There is no doubting the ability of brick and stone pavers to add curb appeal to a property and charm to a backyard garden, and one of their best features is that they last virtually forever. Unfortunately, one of their few drawbacks is a significant one. Brick and stone are porous and provide an ideal habitat for mold and algae, which have a heyday during any period of wet weather.
Moss-covered brick walkways have a charm of their own, but moss can get slippery and hazardous, and for its part, mold is also potentially hazardous. While it's unlikely that of the thousands of mold species that grow outdoors the ones growing on your pavers are toxic, it's still possible, so removing mold from the pavers is a job you should approach with caution. If you developed the skill of masking up during the COVID-19 pandemic, here's another chance to put that skill to good use.
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Power Washing Usually Does the Trick
If your brick pavers are securely embedded in the dirt and reinforced by each other to form a walkable surface, you can solve your mold, moss, and algae problem with a power washer. You don't need much power — an electric model that develops about 2,000 psi will do the job —and you don't want to overdo it anyway because high pressure could dislodge the pavers or chip them.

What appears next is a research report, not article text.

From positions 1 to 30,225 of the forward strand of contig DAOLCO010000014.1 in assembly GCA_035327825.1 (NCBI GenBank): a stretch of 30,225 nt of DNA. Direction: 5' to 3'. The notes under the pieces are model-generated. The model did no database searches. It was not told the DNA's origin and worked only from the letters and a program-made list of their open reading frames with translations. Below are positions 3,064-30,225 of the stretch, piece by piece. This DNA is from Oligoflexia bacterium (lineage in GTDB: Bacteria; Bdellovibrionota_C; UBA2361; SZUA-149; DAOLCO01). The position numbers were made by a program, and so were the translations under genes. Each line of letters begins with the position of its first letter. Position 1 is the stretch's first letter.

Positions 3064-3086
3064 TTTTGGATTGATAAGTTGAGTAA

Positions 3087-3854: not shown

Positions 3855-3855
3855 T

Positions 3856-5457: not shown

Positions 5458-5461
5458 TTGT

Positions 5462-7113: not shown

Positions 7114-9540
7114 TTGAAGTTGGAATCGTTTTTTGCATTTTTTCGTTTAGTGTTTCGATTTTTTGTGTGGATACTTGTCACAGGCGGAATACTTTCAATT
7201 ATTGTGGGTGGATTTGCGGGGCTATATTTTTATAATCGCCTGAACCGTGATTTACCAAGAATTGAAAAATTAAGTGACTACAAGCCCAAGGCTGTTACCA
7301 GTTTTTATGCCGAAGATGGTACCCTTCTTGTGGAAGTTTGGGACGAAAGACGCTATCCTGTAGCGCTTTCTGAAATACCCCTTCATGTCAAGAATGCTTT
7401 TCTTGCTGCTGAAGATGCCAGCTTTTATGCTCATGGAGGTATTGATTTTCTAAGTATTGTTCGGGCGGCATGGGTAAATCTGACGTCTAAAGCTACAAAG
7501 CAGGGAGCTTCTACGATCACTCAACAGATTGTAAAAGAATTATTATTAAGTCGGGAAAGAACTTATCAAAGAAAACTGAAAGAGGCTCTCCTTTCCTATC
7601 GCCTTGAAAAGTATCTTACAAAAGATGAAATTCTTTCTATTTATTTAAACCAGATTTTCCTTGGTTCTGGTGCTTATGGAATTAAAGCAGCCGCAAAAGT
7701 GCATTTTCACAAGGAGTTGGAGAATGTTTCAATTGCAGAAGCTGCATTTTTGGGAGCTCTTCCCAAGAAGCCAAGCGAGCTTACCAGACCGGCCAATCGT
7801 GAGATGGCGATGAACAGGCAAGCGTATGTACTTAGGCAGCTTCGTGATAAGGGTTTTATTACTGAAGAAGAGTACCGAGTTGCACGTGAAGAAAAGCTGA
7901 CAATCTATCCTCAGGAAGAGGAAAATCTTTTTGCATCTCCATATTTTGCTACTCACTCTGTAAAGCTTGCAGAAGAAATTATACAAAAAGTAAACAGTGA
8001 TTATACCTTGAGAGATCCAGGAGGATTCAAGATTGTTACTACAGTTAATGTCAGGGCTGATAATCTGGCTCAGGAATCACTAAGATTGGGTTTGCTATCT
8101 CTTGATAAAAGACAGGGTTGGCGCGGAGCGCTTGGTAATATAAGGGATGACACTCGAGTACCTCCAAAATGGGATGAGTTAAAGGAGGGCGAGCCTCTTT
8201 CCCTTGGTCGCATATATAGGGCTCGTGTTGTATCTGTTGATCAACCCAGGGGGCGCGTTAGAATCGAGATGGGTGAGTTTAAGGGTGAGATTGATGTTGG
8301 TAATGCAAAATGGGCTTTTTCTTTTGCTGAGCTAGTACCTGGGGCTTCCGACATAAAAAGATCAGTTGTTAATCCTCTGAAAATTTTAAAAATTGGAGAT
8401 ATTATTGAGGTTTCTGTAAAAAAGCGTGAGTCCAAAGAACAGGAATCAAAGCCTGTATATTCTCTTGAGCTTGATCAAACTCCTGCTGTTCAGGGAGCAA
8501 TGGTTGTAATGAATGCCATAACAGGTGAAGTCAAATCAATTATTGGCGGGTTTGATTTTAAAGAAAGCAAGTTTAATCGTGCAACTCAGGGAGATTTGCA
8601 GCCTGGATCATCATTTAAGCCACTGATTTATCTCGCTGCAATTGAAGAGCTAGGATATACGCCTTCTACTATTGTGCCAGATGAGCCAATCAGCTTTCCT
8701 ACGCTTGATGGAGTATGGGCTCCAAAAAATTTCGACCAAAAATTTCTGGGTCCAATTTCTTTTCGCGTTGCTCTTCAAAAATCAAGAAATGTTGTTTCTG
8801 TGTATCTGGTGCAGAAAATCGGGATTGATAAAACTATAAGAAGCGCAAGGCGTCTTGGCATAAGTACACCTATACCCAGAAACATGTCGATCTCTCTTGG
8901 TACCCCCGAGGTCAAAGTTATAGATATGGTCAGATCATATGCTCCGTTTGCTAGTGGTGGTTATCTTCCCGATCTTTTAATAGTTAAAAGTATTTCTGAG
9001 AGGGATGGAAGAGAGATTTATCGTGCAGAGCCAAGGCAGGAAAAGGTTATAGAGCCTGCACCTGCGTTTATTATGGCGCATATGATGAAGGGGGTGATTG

Nozzle tips for power washers are color coded according to the spray pattern, and for this job, you'll want to use the yellow (15-degree) or green (25-degree) tip. The white and black ones are too diffuse to do the job, and the red one (0 degrees) is overkill and will probably damage the pavers. Keep the tip a uniform 6 inches from the surface as you work and be sure to spray in the gaps to get rid of any black mold between the pavers.
Disinfect With Vinegar
Power washing doesn't always work. It can dislodge pavers that aren't securely embedded, and while it effectively dispatches moss and algae, which cling to the surface, it usually doesn't kill mold spores deep inside the pores. You need a disinfectant to do that, but bleach isn't the answer because it has a high surface tension that prevents it from soaking in. Vinegar is a better choice, and it's also safer to use and less likely to change the color of the pavers.
Fill a spray bottle with a 50-50 solution of distilled white vinegar and water (or use vinegar full strength for tough jobs) and spray the pavers carefully, avoiding surrounding plants. Do this on a dry day when the pavers are dry and let the solution soak into the pavers for at least an hour. Vinegar is weakly acidic and could affect the color of the pavers if you don't dilute it, so be sure to rinse well after the hour has elapsed.
Scrub Black Mold Off Pavers
Black spots on your pavers could be caused by a toxic mold species, such as Stachybotrys chartarum, or by another species, but since you can only find out by testing a sample in a lab, it's safest to treat all black mold stains as toxic. The best way to get rid of black mold is to scrub it off with detergent. If you have a large area to scrub, consider using a commercial mold-cleaning product designed for outdoor use.
Scrubbing to physically remove the mold may be a lot of work, but it's the best way to do it. Be sure to wear a mask while you're working and rinse the pavers thoroughly with a garden hose or a power washer when you're finished. Direct the runoff away from surrounding plants, which don't like ingesting detergent any more than you would.